The SS also interned recidivist criminals, Jehovah's Witnesses, Roma and Sinti (Gypsies), and German military deserters at Buchenwald. Buchenwald was one of the only concentration camps that held so-called “work-shy” individuals, persons whom the regime incarcerated as “asocials” because they could not, or would not, find gainful employment. In the camp's later stages, the SS also incarcerated prisoners-of-war of various nations (including the United States), resistance fighters, prominent former government officials of German-occupied countries, and foreign forced laborers.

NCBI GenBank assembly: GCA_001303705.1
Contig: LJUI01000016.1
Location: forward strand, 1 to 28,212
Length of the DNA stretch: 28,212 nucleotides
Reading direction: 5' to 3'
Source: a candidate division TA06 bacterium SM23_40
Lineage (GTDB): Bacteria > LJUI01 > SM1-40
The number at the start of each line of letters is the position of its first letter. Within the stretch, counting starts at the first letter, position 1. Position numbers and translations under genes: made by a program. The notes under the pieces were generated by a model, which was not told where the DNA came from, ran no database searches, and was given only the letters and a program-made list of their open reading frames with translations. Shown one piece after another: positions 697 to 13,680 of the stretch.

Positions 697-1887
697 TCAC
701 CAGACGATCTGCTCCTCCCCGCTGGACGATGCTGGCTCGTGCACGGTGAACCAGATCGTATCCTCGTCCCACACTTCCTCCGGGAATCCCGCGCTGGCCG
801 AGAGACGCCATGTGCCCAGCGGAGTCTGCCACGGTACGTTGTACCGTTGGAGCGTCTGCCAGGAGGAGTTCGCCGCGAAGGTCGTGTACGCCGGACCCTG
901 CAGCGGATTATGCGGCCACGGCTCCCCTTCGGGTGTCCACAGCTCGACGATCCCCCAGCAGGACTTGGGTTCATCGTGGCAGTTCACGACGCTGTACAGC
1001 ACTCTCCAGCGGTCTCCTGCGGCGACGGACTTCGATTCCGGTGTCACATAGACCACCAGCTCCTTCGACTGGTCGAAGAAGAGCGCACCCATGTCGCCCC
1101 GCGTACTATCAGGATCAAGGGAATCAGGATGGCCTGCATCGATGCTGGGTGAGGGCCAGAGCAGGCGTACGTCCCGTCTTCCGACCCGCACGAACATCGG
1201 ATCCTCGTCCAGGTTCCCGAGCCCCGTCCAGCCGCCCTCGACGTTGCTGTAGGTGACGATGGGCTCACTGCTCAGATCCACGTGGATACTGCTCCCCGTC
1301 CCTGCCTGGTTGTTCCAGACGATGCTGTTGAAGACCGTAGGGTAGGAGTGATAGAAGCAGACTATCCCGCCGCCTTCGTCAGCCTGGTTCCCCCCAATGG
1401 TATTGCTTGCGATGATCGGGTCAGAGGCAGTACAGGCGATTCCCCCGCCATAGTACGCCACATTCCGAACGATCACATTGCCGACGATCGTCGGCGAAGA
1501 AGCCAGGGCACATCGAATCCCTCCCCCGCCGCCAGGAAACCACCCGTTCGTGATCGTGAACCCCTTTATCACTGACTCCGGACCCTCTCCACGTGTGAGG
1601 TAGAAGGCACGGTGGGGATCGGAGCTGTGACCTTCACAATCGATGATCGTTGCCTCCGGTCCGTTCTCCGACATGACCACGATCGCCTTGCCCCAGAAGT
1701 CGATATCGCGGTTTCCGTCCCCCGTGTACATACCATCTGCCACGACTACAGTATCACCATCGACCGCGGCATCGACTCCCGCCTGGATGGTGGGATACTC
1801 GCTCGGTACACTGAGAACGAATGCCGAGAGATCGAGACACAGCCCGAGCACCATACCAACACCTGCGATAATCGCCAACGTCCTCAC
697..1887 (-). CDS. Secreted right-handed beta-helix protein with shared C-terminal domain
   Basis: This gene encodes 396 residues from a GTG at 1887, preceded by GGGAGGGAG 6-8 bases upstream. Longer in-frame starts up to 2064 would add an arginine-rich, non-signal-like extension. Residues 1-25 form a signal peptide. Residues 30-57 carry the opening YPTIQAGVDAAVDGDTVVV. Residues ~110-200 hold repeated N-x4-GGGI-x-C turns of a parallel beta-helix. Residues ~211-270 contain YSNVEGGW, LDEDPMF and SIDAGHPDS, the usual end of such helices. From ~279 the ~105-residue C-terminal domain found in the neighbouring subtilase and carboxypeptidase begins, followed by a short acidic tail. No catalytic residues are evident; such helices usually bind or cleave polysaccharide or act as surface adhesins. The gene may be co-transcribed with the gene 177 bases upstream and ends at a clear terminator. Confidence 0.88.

Beginning in 1941, a number of physicians and scientists carried out a varied program of medical experimentation on prisoners at Buchenwald in special barracks in the northern part of the main camp. Medical experiments aimed at testing the efficacy of vaccines and treatments against contagious diseases such as typhus, typhoid, cholera, and diphtheria resulted in hundreds of deaths. In 1944, Danish physician Dr. Carl Vaernet began a series of experiments that he claimed would "cure" homosexual inmates through hormonal transplants.